This tremendous work beginning with Columbus centers around the mass migration from 1880-1924 and continues to the present (1990).  Every aspect of the Italian American experience is revealed in great detail.  A must read!

Made in Italy.
By Annie Brady & Patricia Schultz.
Workman pub. Co. 1988.

A shopper's guide to Florence, Milan, Rome & Venice. (Though dated, contains lots of good reading.)

My Silent Partner.
By Ben A. Savelli.
San Francisco, CA, Savelli, 1996. Paper.

The author tells the story of his immigrant family from the Great Depression through World War II - with laughter and tears. The author was given a second chance in life, so he and the Lord (his silent partner) are partners in this book.

Old Calabria.
By Norman Douglas.

First published in 1915, Old Calabria is a comprehensive and exciting account of adventure travel.

Papa, My Father; A Celebration of Dads.
By Leo Buscaglia.
Slack, 1989.

Buscaglia here extols his father in the many roles he played in Leo's lifetime - husband, educator, philanthropist, philosopher, patriot and nurturer.  Buscaglia writes in a warm and loving manner.

That Lucky Old Son.
By Frankie Laine.

The Immigrants Speak.
By Salvatore J. LaGumina.

The Italy Fever. By Darlene Marwitz.

The author’s love affair with Italy began while a graduate student in architecture visiting Roman ruins and Renaissance buildings. Ten years later, she returns to Italy and shares with the reader 14 ways to satisify your love affair with Italy.

The Italians.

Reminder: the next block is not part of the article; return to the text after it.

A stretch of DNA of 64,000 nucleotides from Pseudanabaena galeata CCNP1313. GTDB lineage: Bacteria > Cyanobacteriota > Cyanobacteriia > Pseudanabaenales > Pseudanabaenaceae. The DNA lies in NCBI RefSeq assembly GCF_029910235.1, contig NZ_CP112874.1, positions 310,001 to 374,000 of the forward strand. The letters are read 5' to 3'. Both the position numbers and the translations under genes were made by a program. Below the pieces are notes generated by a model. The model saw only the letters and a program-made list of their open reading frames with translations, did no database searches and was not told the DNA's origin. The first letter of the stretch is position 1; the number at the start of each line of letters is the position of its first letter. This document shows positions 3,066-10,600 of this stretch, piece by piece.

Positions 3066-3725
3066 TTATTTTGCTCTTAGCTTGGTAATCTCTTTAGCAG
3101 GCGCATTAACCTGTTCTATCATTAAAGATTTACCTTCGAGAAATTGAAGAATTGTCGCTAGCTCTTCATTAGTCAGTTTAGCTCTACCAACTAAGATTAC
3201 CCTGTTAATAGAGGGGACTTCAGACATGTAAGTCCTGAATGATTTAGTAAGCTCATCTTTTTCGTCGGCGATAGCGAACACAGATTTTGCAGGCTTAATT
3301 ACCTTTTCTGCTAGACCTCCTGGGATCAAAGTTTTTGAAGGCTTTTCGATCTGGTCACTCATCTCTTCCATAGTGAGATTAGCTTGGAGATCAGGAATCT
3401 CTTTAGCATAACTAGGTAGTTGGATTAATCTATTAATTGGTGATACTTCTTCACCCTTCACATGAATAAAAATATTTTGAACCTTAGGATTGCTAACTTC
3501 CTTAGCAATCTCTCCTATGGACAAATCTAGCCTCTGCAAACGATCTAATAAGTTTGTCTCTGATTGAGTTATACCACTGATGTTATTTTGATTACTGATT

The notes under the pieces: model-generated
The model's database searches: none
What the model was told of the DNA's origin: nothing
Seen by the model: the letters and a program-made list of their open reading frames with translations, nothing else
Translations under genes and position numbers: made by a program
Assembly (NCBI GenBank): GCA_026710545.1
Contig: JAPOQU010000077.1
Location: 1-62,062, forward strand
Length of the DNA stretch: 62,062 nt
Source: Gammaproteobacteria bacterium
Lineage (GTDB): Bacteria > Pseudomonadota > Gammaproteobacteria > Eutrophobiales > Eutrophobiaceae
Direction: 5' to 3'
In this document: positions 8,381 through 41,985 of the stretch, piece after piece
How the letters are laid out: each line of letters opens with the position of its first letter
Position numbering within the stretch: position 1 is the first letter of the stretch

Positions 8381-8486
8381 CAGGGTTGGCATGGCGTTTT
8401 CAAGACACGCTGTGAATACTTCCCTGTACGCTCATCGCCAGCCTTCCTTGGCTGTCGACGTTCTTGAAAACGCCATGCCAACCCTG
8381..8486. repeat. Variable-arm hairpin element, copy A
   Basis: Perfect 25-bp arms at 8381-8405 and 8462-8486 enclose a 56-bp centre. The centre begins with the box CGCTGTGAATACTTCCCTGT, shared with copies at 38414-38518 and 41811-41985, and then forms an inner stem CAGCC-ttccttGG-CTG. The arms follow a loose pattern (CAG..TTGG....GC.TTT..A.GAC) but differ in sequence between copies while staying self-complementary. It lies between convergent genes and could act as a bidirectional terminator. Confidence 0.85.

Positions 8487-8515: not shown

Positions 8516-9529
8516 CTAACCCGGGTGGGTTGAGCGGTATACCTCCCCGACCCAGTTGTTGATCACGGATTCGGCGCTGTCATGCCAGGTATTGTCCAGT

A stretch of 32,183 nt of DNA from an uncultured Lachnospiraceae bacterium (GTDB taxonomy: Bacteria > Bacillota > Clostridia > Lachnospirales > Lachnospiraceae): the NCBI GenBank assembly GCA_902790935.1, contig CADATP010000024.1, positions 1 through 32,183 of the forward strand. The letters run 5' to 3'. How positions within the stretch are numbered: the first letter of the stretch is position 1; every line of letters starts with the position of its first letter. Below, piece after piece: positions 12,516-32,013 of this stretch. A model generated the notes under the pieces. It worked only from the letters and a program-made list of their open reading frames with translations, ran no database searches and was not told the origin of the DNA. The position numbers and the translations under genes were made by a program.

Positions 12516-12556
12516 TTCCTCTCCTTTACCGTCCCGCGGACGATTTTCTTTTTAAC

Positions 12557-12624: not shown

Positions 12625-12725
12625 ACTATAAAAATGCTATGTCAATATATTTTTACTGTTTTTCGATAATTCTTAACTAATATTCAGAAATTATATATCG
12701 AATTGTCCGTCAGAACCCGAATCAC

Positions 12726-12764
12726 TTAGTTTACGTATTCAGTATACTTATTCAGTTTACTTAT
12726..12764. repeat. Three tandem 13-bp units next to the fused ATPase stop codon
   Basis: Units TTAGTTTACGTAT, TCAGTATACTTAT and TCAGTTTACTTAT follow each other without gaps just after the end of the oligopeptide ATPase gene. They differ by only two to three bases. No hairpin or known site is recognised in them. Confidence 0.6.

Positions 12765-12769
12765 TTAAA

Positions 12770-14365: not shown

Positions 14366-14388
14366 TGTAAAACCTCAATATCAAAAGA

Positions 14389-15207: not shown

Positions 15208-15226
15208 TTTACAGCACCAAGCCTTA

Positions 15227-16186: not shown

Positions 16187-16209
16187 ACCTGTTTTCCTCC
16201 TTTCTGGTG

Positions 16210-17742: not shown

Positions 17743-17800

By Luigi Barzini.
Atheneum, 1964.

This is a full length portrait, featuring their manners and morals. The author portrays his country through the eyes of its people, touching on their vices and virtues, their hopes and failures, their past, present and future.

The Leopard.
By Giuseppe Di Lampedusa.
Pantheon books, 1960

A novel set during the Risorgimento - a time in history between the Kingdom of the Two Sicilies and, eventually, the unification of Italy.  All the action centers around the powerful figure of Don Fabrizio, "a Sicilian prince of immense sensual appetites, enormous wealth and great personal magnetism."  He and a glittering array of characters nervously await the affect on their lives of the hero Garibaldi, the prime mover in the Risorgimento.

The Miracle Of Castel di Sangro.
By Joe McGinniss.

An account of the year the author spent in Castel di Sangro in the Abruzzo, to follow the village soccer team. A drama of hope, fear, love, loss and suspense.

The Proud Italians.
By Carl A. Pescosolido and Pamela Gleason.

The authors “document what we owe the Romans and their Italian descendents...from the mysterious Etruscans through The Renaissance and to the scientists, architects and designers of today”. We learn why the Italians are considered “Our Great Civilizers”.

Unto the Sons.
By Gay Talese.
Ballantine Pub Co., 1992.

Non-fiction that reads like a novel. The story of the Talese family in America from before World War II but going back in ancestry and intertwined with Italian history.  Includes a great bibliography.

Vendetta: The true story of the largest lynching in U.S. history. By Richard Gambino. 2d ed. Toronto, Guernica, 2000.

A mob of upward of 20,000 people lynched 11 Italian Americans, on march 14, 1891, in protest against the acquittal of 6 Italian Americans who had been charged with the murder of the New Orleans police chief.  No one was ever prosecuted for this lynching.

The book lays bare the interplay of political, economic, social motives in the U.S. - an attempt to limit Italian American participation in the American community of the time and gave rise to the stereotypical depiction of the Italian American culture as criminal.